An expanding opportunity across the Pacific Ocean awaits U.S. dairy exports, according to industry experts.

In 2020, southeast Asia became the top export destination by volume for U.S. dairy after exports rose 26% year-over-year, Anoo Pothen, director of consumer insights for the U.S. Dairy Export Council, said last week during the virtual Dairy Experience Forum.

That growth was despite the COVID-19 pandemic. And going forward, Southeast Asia — including Vietnam, Thailand, the Philippines, Malaysia, Singapore and Indonesia — continues to be poised to offer further growth.

Vikki Nicholson-West, senior vice president of export ingredient marketing for USDEC and executive director of USDEC Singapore, said opportunities in key markets like Mexico and China aren’t being ignored. But “we looked to Southeast Asia over the past few years because of the growth opportunity.”

The U.S. does not have the same large market share in Southeast Asia as it does in a market like Mexico, Nicholson-West said.

But Southeast Asia has been a leading destination for dairy ingredients — such as skim milk powder, whey ingredients and lactose — that can be used in other products, and the U.S. should capitalize on that, Pothen said. Southeast Asia has also become a growing destination for U.S. cheese.

Southeast Asia is expected to experience a growing milk deficit over the next decade. Urbanization, quick penetration of the internet and growing purchasing power, and relatively low dairy consumption per capita in the region also indicate opportunities for growing U.S. dairy exports.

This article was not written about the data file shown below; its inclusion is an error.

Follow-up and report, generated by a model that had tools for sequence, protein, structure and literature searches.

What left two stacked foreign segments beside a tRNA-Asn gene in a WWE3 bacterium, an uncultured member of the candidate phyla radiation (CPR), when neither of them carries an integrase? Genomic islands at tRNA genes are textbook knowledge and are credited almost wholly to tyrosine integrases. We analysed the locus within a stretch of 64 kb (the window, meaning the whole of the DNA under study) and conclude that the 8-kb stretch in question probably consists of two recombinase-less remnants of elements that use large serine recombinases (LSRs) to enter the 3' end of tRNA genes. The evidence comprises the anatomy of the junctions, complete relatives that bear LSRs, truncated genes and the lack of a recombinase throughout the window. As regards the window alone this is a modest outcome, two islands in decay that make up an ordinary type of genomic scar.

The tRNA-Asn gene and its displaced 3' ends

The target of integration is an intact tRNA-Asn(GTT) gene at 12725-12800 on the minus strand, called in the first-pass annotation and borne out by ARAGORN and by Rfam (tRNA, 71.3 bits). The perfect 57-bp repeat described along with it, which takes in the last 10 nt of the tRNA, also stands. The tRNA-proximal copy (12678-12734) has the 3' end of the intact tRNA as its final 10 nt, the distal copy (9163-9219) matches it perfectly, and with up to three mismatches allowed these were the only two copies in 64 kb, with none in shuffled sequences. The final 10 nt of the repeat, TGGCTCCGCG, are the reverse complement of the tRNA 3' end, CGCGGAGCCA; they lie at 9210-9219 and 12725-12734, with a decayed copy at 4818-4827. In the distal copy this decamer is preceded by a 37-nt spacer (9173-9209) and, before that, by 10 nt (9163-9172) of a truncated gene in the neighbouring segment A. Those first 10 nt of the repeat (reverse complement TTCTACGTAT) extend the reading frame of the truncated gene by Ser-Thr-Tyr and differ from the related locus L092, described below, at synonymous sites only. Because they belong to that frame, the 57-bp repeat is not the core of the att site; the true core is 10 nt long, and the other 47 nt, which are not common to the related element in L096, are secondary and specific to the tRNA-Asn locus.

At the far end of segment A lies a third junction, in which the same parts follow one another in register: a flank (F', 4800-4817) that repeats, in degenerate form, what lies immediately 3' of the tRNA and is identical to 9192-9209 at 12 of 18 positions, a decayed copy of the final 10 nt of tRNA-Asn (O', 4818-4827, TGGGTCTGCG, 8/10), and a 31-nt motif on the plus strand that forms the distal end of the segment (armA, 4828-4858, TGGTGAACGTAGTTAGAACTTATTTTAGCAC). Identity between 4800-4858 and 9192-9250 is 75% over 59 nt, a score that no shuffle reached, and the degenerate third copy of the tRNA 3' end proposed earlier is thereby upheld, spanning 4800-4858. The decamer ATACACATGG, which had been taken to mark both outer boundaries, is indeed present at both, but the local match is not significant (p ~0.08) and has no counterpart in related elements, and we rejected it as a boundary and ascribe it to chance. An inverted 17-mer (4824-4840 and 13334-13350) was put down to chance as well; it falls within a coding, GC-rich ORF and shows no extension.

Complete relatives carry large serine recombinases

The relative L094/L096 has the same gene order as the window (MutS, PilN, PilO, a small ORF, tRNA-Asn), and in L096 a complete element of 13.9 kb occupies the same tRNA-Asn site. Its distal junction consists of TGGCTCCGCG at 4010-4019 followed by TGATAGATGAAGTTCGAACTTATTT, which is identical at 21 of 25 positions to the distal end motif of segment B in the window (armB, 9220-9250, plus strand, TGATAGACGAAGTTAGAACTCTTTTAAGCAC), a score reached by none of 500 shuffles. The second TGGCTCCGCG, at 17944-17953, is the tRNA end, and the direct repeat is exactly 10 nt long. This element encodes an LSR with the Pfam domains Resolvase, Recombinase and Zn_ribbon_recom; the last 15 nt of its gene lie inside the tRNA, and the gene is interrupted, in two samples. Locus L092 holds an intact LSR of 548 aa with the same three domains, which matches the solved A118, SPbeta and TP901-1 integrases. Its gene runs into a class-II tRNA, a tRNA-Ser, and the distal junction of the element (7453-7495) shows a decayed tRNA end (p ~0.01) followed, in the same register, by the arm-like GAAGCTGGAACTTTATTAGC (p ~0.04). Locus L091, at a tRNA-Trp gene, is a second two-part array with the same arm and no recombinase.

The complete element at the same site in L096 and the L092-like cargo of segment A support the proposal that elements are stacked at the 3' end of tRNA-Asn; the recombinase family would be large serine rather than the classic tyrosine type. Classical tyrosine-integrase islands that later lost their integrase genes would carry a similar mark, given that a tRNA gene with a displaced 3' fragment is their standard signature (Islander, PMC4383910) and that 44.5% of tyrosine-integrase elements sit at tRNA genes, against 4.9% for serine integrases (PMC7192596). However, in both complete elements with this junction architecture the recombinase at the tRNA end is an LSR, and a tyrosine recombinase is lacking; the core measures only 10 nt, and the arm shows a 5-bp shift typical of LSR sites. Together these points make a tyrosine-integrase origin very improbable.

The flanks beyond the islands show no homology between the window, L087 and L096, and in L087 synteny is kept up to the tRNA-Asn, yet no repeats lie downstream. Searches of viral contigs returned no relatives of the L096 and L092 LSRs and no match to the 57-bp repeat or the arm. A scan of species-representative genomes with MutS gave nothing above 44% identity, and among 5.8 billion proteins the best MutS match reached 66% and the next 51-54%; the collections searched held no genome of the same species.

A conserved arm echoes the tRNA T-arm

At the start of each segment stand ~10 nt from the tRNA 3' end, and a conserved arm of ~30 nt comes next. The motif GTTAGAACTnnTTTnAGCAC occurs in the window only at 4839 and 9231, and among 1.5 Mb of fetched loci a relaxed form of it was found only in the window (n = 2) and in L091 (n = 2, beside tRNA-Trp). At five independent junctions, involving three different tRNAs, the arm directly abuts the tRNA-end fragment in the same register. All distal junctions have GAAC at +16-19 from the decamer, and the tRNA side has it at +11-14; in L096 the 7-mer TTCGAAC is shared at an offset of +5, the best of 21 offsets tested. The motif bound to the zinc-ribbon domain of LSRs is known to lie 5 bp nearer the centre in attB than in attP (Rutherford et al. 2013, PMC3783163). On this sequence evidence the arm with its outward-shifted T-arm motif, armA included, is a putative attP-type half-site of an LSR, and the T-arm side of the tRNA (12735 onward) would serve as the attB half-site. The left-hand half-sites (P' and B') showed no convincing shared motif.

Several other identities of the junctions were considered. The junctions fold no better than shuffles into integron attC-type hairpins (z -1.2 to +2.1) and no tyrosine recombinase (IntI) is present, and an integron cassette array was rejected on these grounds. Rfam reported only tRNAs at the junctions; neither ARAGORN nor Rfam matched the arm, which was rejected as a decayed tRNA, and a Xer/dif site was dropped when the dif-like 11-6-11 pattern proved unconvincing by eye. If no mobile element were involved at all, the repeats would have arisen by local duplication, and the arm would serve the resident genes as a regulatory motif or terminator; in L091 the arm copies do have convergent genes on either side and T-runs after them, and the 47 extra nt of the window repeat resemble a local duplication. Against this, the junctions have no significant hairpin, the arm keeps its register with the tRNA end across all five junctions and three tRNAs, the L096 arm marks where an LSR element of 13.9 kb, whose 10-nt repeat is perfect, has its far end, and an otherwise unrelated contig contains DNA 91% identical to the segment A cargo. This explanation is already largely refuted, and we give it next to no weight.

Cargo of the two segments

In pockets of Southeast Asia where the middle class is growing, U.S. dairy has a another chance to insert itself because those consumers are looking to increase nutritional value in what they consume as well as try new things, Nicholson-West said. For example, U.S. cream cheese “has grown in volume and opportunity” as Southeast Asian consumers look to make their own or buy a cheesecake like the one they saw online, she said.

Overall, demand for U.S. dairy in Southeast Asia is “really strong,” Nicholson-West said. From 2019 to 2020, demand for U.S. dairy in the region grew by roughly 35%, she said.

That’s not to say that U.S. dairy doesn’t still have challenges in the Southeast Asia market.

The United States is likely to face competition from other exporters, primarily the European Union, New Zealand and Australia, Nicholson-West said. Competition in Southeast Asia hinges on factors including quality of product, availability of product, customer service and perception of value for price.

Because Southeast Asia is thousands of miles across the ocean from the U.S., exporting dairy products with a limited shelf life, like fluid milk, to the region can also be difficult.

Plant-based alternatives also have the potential to disrupt the dairy industry in Southeast Asia. Pothen said that “disruptors” of rice-based or nut-based alternatives are not only affecting growth for U.S. dairy but even for soy drinks, which have long been accepted in Southeast Asia and hold 97% of the plant-based beverage space.

“Plant-based beverages are on the rise,” Pothen said, “and this will be a space to watch out for.”

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